China says retaliation ready if US tariffs go ahead

Women are reflected on an advertisement for Apple's MacBook computer on display near a shopping mall in Beijing, Thursday, Sept. 6, 2018. China's government says it is ready to retaliate if U.S. President Donald Trump goes ahead with plans for another tariff hike on Chinese goods. The Commerce Ministry expressed confidence it can maintain "steady and healthy" economic growth despite their spiraling trade battle. (AP Photo/Andy Wong)
A man is reflected on an advertisement for Apple's MacBook computer on display near a shopping mall in Beijing, Thursday, Sept. 6, 2018. China's government says it is ready to retaliate if U.S. President Donald Trump goes ahead with plans for another tariff hike on Chinese goods. The Commerce Ministry expressed confidence it can maintain "steady and healthy" economic growth despite their spiraling trade battle. (AP Photo/Andy Wong)

BEIJING — China is ready to retaliate if U.S. President Donald Trump goes ahead with a tariff hike on Chinese goods and is confident it can maintain "steady and healthy" economic growth, a government spokesman said Thursday.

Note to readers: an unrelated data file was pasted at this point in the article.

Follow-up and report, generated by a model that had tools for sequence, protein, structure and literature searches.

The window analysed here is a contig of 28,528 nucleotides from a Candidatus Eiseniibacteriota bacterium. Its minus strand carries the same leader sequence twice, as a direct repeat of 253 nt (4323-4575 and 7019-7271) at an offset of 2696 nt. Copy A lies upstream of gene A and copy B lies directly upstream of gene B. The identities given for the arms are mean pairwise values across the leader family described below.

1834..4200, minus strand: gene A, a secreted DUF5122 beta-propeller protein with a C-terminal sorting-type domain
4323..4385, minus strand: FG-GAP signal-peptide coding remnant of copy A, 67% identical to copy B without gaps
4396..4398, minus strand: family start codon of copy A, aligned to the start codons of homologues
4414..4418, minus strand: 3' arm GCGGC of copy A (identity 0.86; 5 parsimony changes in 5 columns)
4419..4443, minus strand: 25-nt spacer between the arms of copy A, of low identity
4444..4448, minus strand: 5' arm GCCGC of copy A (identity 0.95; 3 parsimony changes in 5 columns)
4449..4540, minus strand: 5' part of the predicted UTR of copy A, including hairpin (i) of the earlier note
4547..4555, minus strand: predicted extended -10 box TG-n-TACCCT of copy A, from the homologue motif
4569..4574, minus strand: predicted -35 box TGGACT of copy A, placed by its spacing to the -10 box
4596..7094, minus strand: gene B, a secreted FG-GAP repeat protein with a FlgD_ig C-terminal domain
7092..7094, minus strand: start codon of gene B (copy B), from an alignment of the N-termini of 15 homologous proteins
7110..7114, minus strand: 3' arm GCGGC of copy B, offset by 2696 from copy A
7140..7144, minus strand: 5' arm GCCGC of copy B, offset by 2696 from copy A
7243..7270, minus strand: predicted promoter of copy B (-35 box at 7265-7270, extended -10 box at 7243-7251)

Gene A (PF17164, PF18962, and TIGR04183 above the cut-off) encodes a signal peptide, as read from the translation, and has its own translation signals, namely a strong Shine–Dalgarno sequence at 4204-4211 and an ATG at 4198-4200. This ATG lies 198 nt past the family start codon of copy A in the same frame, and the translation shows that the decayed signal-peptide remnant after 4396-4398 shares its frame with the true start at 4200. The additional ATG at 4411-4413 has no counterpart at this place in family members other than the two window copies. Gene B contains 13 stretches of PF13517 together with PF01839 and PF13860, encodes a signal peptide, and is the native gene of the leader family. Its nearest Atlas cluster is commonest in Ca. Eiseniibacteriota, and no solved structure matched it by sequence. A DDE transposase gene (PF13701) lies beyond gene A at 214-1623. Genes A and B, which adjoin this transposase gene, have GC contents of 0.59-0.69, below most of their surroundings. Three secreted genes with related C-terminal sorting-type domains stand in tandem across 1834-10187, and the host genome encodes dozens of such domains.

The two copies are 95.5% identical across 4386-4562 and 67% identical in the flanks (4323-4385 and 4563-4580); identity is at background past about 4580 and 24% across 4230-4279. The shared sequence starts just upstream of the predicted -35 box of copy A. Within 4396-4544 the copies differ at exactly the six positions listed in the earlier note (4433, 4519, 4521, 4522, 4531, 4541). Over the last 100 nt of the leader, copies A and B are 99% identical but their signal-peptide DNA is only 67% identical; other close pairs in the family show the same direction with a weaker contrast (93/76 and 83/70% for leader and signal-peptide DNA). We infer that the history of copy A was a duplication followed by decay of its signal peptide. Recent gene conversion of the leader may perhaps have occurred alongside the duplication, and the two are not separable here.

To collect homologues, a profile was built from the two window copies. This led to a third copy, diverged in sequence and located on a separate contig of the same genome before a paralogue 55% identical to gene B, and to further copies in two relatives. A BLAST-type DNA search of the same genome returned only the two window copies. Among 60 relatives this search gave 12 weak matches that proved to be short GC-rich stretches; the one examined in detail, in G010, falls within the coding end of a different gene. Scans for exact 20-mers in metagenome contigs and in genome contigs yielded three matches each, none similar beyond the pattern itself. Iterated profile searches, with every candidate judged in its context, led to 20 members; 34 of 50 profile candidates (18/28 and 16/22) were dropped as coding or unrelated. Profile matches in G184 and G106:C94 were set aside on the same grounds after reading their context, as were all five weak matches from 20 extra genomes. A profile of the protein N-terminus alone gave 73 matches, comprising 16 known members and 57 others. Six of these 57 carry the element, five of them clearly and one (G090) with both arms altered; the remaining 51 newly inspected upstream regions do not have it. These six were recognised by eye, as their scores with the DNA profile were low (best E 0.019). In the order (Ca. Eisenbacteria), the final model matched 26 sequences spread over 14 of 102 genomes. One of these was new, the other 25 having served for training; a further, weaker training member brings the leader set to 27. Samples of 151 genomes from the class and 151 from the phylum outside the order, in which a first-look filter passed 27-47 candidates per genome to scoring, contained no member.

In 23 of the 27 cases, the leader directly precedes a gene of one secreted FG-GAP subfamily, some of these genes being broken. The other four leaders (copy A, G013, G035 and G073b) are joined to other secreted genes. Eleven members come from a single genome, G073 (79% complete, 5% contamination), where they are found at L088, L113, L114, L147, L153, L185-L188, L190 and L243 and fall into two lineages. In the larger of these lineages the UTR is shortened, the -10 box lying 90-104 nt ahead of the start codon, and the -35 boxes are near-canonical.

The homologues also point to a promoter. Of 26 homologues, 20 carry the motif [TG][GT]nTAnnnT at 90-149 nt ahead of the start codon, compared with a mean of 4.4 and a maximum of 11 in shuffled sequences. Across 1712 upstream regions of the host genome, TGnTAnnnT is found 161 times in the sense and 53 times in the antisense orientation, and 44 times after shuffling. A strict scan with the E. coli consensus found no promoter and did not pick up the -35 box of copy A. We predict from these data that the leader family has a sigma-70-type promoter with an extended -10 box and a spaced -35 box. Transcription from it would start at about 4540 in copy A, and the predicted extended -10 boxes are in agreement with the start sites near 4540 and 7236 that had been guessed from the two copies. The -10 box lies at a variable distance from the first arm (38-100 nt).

The Trump administration is poised to impose 25 percent penalties this week on $200 billion of Chinese goods in an escalation of their fight over U.S. complaints that Beijing steals or pressures companies to hand over technology. China has announced a $60 billion list of American products targeted for retaliation.

"China will have to take necessary countermeasures if the U.S. side ignores the opposition of the overwhelming major of its enterprises and adopts new tariff measures," Commerce Ministry spokesman Gao Feng said.

The two governments already have imposed penalty duties on $50 billion of each other's exports.

Beijing has rejected pressure to scale back plans for state-led development of champions in robotics and other technologies. U.S. officials say that violates China's free-trade commitments and worry it might erode American industrial leadership.

Some Chinese exporters say U.S. orders have declined, but Chinese leaders express confidence the economic impact will be modest. The United States buys about 20 percent of China's exports, but trade has shrunk over the past decade as a share of the Chinese economy.

"We are confident, capable and able to maintain steady and healthy development of the Chinese economy," Gao said.

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